Currently, I’m in the middle of the second season of You, and it’s so stressful I’ve had to take a break to write this post and destress. When the time comes, a lot will be said about You. However, until then, this post will treat you to a discussion on three completely different programmes, each with a compelling storyline and interesting character dynamics.
Lost in Space (Season 2)
Looking for your next sci-fi fix? Look no further than Netflix’s Lost in Space. A surprising gem in Netflix’s catalogue, Lost in Space spotlights the Robinson family’s quest to navigate their way through space to a well-established colony on Alpha Centauri. Along the way, they have to confront the unresolved tension between family members, overcome some extreme physical challenges, and carve out their place in the family and within this space colony. Narratively speaking, the second season of Lost In Space had two primary objectives. Reach Alpha Centauri and find the robot. Some may say that this season does nothing to push the narrative along, but the core of the show has always been the relationship between the Robinsons and it did a phenomenal job at exploring the various dynamics between the family. With that, we saw the emergence of Penny. The middle child whose skills lie in her words often struggles to fit into the family of scientific geniuses, and this season provided an opportunity to get an insight into that struggle. Out of all the characters, Penny is one that we can relate to most, and it’s clear that by the end of the season she carries the emotional heart of the family. The tweet below sums up everything you need to know about season two. It is a character-driven season, but one that set up some interesting dynamics that has the potential to shake the very foundations of the Robinson family.
Whatever you do, do not sleep on this Japanese/English crime drama. Giri/Haji (Duty/Shame) is a captivating story of family and loyalty, with a multitude of plot threads culminating in an incredible finale that demonstrates the very limits of a brother’s love. Tokyo detective, Kenzo Mori, is tasked with the responsibility of bringing his brother to justice after his actions threaten to kick-start a gang war among the Yakuza bosses. However, the longer Kenzo finds himself in London, the deeper his investigation takes him into London’s own criminal underground, threatening to tear apart his family and bring further danger to those he loves. While the premise of the show sounds grim, the eccentric and compelling cast give life to these characters, offering an insight into the relationships that shape and trap their lives. These dynamics keep our characters grounded but also serve as a reminder of all that could be lost and gained as this cat and mouse chase between the brothers unravels the world they once knew.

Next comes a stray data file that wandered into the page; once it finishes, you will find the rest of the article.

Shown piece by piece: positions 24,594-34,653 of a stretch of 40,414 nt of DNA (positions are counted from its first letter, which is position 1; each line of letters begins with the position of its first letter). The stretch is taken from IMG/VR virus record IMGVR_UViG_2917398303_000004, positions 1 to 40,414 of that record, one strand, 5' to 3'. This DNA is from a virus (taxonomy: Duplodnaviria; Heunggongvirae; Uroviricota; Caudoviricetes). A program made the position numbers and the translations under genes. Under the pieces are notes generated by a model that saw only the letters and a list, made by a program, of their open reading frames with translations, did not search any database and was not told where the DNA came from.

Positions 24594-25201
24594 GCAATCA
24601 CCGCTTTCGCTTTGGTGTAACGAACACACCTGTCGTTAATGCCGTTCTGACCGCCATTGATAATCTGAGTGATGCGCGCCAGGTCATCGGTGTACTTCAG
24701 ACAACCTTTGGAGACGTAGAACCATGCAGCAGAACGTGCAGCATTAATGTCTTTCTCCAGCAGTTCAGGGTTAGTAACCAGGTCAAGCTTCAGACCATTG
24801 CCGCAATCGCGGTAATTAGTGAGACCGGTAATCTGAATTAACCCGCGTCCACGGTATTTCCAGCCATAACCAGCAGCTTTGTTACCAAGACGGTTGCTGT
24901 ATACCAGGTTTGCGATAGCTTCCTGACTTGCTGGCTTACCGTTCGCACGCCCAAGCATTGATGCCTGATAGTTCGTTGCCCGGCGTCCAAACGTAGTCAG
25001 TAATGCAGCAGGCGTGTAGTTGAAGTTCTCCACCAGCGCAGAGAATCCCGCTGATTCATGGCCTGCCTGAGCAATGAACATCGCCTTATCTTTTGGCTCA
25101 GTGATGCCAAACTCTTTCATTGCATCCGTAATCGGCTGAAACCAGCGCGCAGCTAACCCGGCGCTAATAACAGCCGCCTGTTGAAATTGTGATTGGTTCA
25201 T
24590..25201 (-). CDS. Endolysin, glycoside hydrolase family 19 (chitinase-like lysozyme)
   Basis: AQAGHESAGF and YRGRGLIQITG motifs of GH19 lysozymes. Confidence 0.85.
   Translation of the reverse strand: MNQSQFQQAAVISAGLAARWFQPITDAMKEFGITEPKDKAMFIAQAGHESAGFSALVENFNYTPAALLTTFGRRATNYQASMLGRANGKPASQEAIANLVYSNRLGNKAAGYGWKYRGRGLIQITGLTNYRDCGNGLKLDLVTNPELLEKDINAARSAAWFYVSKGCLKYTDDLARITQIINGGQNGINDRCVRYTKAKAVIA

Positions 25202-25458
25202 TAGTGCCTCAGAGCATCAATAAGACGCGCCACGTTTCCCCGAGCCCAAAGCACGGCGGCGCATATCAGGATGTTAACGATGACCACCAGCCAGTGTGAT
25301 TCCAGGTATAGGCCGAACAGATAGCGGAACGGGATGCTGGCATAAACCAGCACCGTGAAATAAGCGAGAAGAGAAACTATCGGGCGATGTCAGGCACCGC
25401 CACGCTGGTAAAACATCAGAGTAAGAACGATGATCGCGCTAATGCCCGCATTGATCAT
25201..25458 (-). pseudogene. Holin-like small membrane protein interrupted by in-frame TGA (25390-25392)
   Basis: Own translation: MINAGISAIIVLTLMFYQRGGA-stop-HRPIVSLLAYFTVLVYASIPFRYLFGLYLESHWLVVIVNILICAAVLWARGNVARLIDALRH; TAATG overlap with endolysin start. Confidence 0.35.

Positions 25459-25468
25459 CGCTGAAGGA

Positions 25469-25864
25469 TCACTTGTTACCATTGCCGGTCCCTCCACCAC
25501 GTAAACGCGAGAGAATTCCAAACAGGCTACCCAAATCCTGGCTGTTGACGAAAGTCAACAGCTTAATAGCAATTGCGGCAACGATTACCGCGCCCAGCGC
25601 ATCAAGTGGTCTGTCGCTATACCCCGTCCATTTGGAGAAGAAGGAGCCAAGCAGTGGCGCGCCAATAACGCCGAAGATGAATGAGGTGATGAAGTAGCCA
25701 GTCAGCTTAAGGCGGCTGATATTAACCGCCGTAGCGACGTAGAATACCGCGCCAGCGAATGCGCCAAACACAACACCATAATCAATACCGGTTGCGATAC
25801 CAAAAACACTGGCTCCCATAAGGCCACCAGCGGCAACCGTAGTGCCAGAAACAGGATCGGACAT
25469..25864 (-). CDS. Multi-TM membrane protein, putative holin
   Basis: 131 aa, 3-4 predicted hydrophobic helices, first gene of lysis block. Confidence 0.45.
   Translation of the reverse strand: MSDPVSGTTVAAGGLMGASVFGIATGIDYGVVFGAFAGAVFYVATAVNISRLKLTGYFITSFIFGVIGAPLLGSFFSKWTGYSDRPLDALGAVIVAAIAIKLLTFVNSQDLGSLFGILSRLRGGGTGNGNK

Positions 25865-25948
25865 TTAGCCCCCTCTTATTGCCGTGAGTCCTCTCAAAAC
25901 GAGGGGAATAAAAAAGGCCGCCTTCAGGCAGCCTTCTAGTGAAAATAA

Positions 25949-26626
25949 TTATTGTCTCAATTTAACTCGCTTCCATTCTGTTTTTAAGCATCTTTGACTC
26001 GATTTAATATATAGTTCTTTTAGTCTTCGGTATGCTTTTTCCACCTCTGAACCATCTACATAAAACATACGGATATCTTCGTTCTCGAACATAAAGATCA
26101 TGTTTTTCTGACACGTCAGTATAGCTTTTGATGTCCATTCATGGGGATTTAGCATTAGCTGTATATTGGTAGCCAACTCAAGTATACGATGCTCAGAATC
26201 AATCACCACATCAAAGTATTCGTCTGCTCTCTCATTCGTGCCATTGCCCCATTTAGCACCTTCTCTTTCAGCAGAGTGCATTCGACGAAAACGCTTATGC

Wisting (Season 1)
Another one to file into the extensive Scandi-noir catalogue, Wisting takes every component that makes these dramas so recognisable and results in a slightly disjointed, yet tense 10 episodes. The show is literally a tale of two halves, with Wisting tasked with tracking a notorious serial killer, so high profile it leads to two FBI agents to assist in the investigation. The latter half follows an introspective tone as accusations of tampered evidence from a previous case comes to light, forcing Wisting to question the motives of himself and his colleagues. These two narratives were disjointed at best, especially when lingering plot threads were left open-ended, but what was smart was how choices from the first half of the season led to the consequences of the latter half. The show also heavily features Wistings family, with his journalist daughter often in the line of fire, yet effectively using her skills in uncovering some lingering mysteries, heightening the stakes both professionally and personally. If you’ve enjoyed previous iterations of the Scandi-noir dramas, then you will surely love Wistings. It’s introspective, thrilling, and crafty in its execution.
Have you seen any of these shows?
What have you been watching?